Ultimately, the GBD 2010 findings generated 650 million estimates for health challenges large and small.
"While the GBD Study 2010 offers significant epidemiologic findings that will shape policy debates worldwide, it also limns the gaps in existing disease epidemiology knowledge and offers new ways to improve public health data collection and assessment," said Dr. Paul Farmer, co-founder of Partners In Health and Chair of the Department of Global Health and Social Medicine at Harvard Medical School. "Murray and his colleagues draw not only on their own research, which is well known and has been cited extensively over the past two decades, but also on the work of philosophers, ethicists, economists, and others whose perspectives are too often neglected in epidemiology. A broad audience—from public health authorities to funders and policymakers—will benefit from this impressive contribution to the epidemiologic evidence base."
Findings show rapid changes in health outcomes
The study underscores significant achievements, such as the dramatic drop in child mortality, which has fallen so quickly that it has beaten every published prediction. But more work remains. Diseases such as diarrhea due to rotavirus and measles continue to kill more than 1 million children under the age of 5 every year, despite effective vaccines against those diseases.
While child mortality has decreased, GBD 2010 found a startling 44% increase in the number of deaths among adults aged 15 to 49 between 1970 and 2010. This is in part because of increases in violence and the ongoing challenge of HIV/AIDS, which kills 1.5 million people annually.
Another mixed success is that while the burden of malnutrition has successfully been cut by two-thirds, poor diets and physical inactivity are contributing to rising rates of obesity and other lifestyle-related risk factors, including high blood pressure, tobacco smoking, and harmful alcohol use. Dietary risk factors and physical inactivity collectively caused 10% of the disease burden, and the burden due to excess weight and high blood sugar are rising substantially.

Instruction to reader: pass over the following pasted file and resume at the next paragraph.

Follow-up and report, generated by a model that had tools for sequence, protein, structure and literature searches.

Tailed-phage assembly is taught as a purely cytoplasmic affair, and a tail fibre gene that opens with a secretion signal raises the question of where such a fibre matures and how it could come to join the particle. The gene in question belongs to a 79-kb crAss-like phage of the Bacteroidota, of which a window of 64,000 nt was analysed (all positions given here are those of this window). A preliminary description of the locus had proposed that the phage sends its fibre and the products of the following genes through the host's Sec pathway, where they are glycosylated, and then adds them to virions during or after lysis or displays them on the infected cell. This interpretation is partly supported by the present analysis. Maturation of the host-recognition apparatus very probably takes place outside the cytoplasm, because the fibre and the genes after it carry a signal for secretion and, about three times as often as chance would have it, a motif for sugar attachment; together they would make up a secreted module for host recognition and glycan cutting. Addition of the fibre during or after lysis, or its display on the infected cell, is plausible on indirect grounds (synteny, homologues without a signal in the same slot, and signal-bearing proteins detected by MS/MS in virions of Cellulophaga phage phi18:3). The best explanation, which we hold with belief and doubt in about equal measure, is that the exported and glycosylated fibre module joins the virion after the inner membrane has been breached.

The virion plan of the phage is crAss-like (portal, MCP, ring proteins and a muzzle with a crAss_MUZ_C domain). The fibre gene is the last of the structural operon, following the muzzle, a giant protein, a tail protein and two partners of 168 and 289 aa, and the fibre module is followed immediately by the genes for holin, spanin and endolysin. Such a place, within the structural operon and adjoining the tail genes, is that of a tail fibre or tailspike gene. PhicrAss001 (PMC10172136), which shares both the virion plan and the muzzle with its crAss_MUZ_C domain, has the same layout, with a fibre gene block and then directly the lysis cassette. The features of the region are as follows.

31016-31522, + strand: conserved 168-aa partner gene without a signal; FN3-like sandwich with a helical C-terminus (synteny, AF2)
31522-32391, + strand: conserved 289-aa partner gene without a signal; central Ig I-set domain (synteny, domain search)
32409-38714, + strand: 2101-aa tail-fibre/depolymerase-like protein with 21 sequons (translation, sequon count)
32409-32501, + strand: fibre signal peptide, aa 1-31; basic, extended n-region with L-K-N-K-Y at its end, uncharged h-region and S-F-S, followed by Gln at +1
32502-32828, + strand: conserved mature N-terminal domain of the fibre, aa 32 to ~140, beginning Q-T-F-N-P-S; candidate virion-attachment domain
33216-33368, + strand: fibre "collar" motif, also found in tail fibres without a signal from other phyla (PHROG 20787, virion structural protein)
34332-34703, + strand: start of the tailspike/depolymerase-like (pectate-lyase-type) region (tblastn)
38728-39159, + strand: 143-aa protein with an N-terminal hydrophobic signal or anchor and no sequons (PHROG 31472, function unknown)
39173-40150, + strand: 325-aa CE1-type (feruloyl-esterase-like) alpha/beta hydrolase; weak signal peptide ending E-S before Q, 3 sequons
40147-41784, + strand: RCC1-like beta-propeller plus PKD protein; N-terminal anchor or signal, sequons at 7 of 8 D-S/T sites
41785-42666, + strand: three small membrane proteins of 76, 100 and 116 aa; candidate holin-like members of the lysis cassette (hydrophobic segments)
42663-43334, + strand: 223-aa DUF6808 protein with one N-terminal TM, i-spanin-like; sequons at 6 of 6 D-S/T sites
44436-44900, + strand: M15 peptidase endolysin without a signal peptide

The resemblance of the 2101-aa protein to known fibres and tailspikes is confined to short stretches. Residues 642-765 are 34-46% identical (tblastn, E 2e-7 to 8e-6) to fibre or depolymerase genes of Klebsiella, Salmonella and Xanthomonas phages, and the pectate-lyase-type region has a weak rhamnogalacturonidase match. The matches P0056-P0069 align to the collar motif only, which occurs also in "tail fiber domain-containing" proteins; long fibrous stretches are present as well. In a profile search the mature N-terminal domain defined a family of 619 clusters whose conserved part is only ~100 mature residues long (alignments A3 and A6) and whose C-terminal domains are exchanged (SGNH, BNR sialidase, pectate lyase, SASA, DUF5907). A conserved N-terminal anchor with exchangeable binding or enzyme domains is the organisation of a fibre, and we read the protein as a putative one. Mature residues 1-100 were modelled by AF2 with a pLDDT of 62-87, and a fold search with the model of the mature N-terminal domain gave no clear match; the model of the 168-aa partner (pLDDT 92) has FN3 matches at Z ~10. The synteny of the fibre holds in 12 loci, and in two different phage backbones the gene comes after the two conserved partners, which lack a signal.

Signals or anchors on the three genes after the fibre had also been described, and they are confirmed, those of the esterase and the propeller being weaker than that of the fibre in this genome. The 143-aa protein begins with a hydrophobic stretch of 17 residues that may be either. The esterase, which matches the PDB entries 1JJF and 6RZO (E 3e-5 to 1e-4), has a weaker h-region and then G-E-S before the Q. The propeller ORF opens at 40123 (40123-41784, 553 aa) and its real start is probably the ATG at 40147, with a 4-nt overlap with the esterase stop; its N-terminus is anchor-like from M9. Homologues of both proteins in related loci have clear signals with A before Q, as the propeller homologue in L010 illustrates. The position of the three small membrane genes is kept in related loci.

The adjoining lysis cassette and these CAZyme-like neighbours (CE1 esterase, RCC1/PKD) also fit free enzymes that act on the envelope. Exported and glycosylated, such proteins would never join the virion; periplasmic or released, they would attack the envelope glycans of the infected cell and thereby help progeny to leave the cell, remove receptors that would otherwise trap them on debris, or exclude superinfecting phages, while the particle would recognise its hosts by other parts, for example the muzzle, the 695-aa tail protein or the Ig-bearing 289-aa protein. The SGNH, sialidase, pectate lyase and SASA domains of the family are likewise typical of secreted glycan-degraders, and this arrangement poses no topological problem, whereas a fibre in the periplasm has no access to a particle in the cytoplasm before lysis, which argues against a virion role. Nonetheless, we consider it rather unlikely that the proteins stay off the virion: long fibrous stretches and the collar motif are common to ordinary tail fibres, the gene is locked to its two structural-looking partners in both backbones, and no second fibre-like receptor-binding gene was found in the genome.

"We have gone from a world 20 years ago where people weren't getting enough to eat to a world now where too much food and unhealthy food – even in developing countries – is making us sick," said Dr. Majid Ezzati, Chair in Global Environmental Health at Imperial College London and one of the study's lead authors.
These findings are consistent with one of GBD 2010's repeated themes: Disability is causing a greater and greater fraction of the burden of disease as demographics and epidemiology evolve. Much of this burden is caused by a relatively small group of ailments. Researchers examined more than 300 diseases, injuries, and risk factors and found that just 50 distinct causes account for 78% of the global burden. Just 18 of those account for more than half the burden.
"If we only could crack the code on just this small group of illnesses, we could make enormous progress in improving health," said Dr. Kenji Shibuya, Chair of the Department of Global Health Policy at the University of Tokyo and one of GBD 2010's lead authors.
The types of illnesses and injuries causing death and disability are also changing. While ischemic heart disease and stroke remained the two greatest causes of death between 1990 and 2010, all the other rankings in the top 10 causes changed. Diseases such as diabetes, lung cancer, and chronic obstructive pulmonary disease moved up, and diarrhea, lower respiratory infections, and tuberculosis moved down.
When looking at disease burden more broadly, taking into account both years of life lost due to premature death and years lived with disability, the changes have also been dramatic. Neonatal encephalopathy, an often fatal brain condition in newborns, fell out of the 10 leading causes between 1990 and 2010, as did protein-energy malnutrition, the leading cause of starvation. They were replaced by lower back pain and road injuries.
Gap between sub-Saharan Africa and the rest of the world widens
The trends identified in GBD 2010 occur across regions with one notable exception: sub-Saharan Africa, where infectious diseases, childhood illnesses, and maternal causes of death account for as much as 70% of the burden of disease. By comparison, these conditions account for only one-third of the burden in South Asia and Oceania, and less than 20% in all other regions. Additionally, while the average age of death throughout Latin America, Asia, and North Africa increased by more than 25 years between 1970 and 2010, it rose by less than 10 years in most of sub-Saharan Africa.